Monday, November 23, 2009

Breakpoints not working in Xcode?

I decided to post this because I thought my breakpoints weren't working in Xcode. When I searched for the answer, I read several posts about people's breakpoints appearing not to work and what steps they took to solve the problem. But I did not find what I'm about to write. So here goes.
When I say a breakpoint doesn't work, I mean that execution doesn't pause there as expected. Be assured that Xcode is not to blame! In my case, it was operator malfunction. I was concentrating intently on so many complicated ideas at one time that I was pushing the wrong button and getting what I thought were unexpected results. Here's what happened.
I'm using version 3.1.3 of Xcode. As of this version and all prior ones of which I'm aware, there are two ways to start your program: Run or Debug. There's also a button called Go and another one called Build and Go. Either of these Go buttons will do either Run or Debug, depending on what you did last. I was pushing Go and getting Run when I thought I should be getting Debug.
The difference between Run and Debug is that Run just runs your program and Debug runs your program through gdb, the GNU Debugger. If you run your program without the help of the debugger, you cannot expect breakpoints to work!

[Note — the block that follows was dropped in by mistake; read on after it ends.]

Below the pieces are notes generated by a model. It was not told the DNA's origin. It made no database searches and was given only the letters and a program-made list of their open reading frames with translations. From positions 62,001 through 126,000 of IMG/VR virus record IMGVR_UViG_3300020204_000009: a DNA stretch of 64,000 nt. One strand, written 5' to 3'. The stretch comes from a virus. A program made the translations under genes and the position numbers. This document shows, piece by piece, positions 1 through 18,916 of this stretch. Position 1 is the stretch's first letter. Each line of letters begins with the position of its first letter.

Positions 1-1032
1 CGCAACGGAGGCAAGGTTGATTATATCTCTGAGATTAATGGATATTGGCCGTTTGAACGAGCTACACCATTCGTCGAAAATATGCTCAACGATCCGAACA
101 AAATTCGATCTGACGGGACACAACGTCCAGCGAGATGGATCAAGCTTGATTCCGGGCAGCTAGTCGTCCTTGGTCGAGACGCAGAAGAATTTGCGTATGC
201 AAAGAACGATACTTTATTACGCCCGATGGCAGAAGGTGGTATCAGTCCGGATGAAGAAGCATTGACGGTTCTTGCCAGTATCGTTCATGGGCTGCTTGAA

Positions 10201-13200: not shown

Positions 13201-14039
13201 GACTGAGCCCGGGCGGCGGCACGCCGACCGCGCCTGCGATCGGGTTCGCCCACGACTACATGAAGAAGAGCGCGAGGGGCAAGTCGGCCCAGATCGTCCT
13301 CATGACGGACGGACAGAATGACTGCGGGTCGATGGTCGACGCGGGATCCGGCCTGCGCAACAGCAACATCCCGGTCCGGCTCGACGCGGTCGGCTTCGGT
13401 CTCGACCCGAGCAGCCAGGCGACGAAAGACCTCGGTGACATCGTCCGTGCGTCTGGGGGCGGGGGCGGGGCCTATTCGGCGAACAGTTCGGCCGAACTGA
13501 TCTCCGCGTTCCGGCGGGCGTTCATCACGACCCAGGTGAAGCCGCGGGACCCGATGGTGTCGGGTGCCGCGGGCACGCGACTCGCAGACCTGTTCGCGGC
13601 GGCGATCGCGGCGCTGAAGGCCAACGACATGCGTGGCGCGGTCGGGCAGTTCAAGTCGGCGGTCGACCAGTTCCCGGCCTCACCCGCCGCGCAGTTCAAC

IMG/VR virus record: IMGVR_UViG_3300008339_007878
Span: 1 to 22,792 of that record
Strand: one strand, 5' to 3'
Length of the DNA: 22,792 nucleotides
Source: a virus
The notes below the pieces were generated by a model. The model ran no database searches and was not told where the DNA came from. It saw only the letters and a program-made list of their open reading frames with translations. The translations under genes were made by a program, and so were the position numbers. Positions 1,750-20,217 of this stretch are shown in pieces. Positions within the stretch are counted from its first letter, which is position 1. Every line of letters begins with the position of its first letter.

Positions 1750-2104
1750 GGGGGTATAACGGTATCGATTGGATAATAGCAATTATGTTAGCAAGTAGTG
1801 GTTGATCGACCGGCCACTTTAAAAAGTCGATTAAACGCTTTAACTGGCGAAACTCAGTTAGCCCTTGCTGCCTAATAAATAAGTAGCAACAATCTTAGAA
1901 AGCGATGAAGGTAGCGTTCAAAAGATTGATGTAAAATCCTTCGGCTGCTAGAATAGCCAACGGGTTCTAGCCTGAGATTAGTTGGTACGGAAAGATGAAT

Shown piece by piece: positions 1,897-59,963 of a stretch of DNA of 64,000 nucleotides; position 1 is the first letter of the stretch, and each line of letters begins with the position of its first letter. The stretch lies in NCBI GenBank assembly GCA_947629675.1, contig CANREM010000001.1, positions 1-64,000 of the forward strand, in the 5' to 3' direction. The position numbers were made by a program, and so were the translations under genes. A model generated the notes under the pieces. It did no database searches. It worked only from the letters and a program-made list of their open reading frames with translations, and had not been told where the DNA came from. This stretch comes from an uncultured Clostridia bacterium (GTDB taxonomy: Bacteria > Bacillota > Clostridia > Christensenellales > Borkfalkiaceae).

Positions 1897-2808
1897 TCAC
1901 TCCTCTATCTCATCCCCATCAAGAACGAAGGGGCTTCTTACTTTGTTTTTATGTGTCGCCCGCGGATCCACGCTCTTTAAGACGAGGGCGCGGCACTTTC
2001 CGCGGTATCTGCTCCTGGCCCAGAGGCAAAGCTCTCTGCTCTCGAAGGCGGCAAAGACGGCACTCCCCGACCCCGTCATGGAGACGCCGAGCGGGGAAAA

How can you tell whether you're doing Run or Debug? If you look in the Xcode console, you'll see gdb's startup messages scroll by when your program starts in Debug. You will not see these messages when your program starts in Run. Also, your program will take a bit longer to load when running with the help of gdb. If you click and hold over the little downward-pointing triangle on the lower right corner of the Build and Go button in the toolbar, you'll get a menu where the first item will either say, "Build and Go (Run)" or "Build and Go (Debug)," depending on which you did last. If you go up into the Run menu in the menu bar, the first item will be "Go (Run)" or "Go (Debug)," the second will be "Run" and the third will be "Debug." There are other ways (hot keys, etc.) you can control which way your program is run.
How do you see the Xcode console? Look at the very top left of the Xcode window. Assuming you did not modify your toolbar, there should be two buttons. If you hover over the left one, you'll get a tooltip that reads "Project." This is where you edit source code. If you hover over the right one, the tooltip should read "Debug." Click on that and you should see the Xcode console at the bottom of the window.
I came to Xcode from another IDE that automatically ran the program through the debugger if you had any breakpoints. Xcode is more flexible in that you can define breakpoints and still run your program normally (without the debugger) if you so desire. You just have to pay attention to which way you're running it (Run or Debug). I hope this helps someone who is wondering why their breakpoints don't work.

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